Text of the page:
Nunatsiaq Online
COMMENTARY: Nunavut December 20, 2017 - 9:30 am

Legal Ease, Dec. 20

How can I be liable?

JAMES MORTON

Sometimes people end up liable for the debts of a business without realizing they are even formally in business.

That can happen because of a partnership.

Now, people usually think of a partnership as something fairly formal set up with documents and agreements—in such a case the partners of the partnership are very sure they are in a partnership and—usually—have an idea of their legal liability. 

But under the Partnership Act (Nunavut) a partnership can come into legal existence with virtually no formalities at all.

The Partnership Act says: “Partnership is the relation that exists between persons carrying on a business in common with a view to profit.”

What that means is if you, for example, buy a boat with your cousin with the intention of taking visitors from the South out for fishing trips and you plan to charge for the adventure, you are partners with your cousin.

Normally that would not be a problem except that, as soon as you are partners, you are both liable for each other’s acts while carrying on business and you can be held personally liable for a partnership debt.

Again, the Partnership Act says: “Every partner in a firm is liable jointly with the other partners for all debts and obligations of the firm incurred while he or she is a partner and after the death of the partner, his or her estate is also severally liable, in the due course of administration, for those debts and obligations, so far as they remain unsatisfied but subject to the prior payment of his or her separate debts.”

So, if your cousin takes too many people out in the boat and someone gets hurt—even if you had nothing to do with the trip that day—you can be held personally liable for the injury.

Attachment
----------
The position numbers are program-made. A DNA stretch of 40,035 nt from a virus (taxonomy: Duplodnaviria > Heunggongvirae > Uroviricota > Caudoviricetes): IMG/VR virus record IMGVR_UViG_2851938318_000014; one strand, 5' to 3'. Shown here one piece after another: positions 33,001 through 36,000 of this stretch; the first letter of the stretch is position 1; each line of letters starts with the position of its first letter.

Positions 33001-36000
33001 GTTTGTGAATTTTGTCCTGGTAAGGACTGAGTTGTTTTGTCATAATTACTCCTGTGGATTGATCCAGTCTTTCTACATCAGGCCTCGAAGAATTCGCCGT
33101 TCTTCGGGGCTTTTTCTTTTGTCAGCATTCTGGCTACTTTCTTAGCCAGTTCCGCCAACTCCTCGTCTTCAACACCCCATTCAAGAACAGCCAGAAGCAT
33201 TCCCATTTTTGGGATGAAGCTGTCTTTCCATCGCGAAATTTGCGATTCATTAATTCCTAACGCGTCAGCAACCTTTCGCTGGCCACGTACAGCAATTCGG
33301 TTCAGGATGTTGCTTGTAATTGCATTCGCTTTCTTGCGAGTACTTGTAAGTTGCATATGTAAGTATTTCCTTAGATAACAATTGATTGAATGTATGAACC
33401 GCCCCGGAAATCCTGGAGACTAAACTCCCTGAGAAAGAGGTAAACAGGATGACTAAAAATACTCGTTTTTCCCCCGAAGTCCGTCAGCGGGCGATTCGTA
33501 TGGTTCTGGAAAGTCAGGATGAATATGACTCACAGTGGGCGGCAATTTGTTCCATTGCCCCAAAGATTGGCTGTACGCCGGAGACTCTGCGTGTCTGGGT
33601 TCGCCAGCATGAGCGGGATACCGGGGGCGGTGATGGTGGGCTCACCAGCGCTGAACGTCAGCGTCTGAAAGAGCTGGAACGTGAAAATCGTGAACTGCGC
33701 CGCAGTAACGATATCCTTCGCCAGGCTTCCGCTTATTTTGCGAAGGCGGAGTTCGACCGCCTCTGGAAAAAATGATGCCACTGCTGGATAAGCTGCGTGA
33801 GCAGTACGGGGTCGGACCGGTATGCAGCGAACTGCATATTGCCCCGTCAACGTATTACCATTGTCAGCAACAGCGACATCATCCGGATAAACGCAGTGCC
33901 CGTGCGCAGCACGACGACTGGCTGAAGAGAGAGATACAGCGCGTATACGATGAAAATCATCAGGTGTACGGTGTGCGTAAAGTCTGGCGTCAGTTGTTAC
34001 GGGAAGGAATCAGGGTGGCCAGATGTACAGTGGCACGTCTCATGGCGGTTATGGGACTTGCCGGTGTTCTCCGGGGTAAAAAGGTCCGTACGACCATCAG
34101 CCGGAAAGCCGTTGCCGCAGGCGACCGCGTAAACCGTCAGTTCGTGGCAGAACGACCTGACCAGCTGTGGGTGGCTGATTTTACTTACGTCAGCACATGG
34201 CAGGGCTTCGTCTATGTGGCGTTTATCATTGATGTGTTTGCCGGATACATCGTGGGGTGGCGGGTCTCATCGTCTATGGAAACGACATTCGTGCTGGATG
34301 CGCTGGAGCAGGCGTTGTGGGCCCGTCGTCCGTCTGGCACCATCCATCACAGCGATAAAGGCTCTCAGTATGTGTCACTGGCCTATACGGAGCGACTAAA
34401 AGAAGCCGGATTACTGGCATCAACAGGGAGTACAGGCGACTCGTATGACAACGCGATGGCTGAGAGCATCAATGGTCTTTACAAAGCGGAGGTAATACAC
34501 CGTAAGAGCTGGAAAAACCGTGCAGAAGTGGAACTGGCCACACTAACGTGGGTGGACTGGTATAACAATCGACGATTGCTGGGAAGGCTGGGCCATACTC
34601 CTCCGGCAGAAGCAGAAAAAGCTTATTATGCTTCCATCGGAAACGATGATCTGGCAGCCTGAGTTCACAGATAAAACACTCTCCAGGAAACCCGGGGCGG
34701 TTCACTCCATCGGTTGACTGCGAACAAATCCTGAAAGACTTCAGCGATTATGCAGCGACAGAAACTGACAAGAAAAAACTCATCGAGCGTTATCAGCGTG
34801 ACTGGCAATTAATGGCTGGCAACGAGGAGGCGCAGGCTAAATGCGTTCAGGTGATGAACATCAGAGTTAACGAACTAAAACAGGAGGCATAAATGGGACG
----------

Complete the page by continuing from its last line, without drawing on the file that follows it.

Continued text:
It doesn’t matter if you were always careful and never took out too many passengers. Your cousin, your partner, did something wrong and you are both personally liable.

Similarly, any debts of the business are your debts personally. So, if you buy a photocopier and agree to pay for the photocopier over time, you are personally liable to pay for the photocopier even if the business fails.

What can you do to protect yourself?

One approach is not to go into business with anyone else except using a corporation, which may protect you, to a degree, from liability.

Another option is to be very clear, when you do go into business with someone else, as to who is doing what and when. Make sure that if you get into a partnership you can trust and rely on your partners. 

There is nothing wrong with a partnership as a way of doing business. I have been in several quite successful partnerships. In addition to those steps, you can also buy insurance and that is probably the best idea of all. 

No matter whether you are in a corporation, or a partnership or just working by yourself, insurance is a good idea.

If someone is injured at your place of business, having insurance means their claims, if any, will be taken care of and you do not have to worry about them.

James Morton is a lawyer practising in Nunavut with offices in Iqaluit. The comments here are intended as general legal information and not as specific legal advice.

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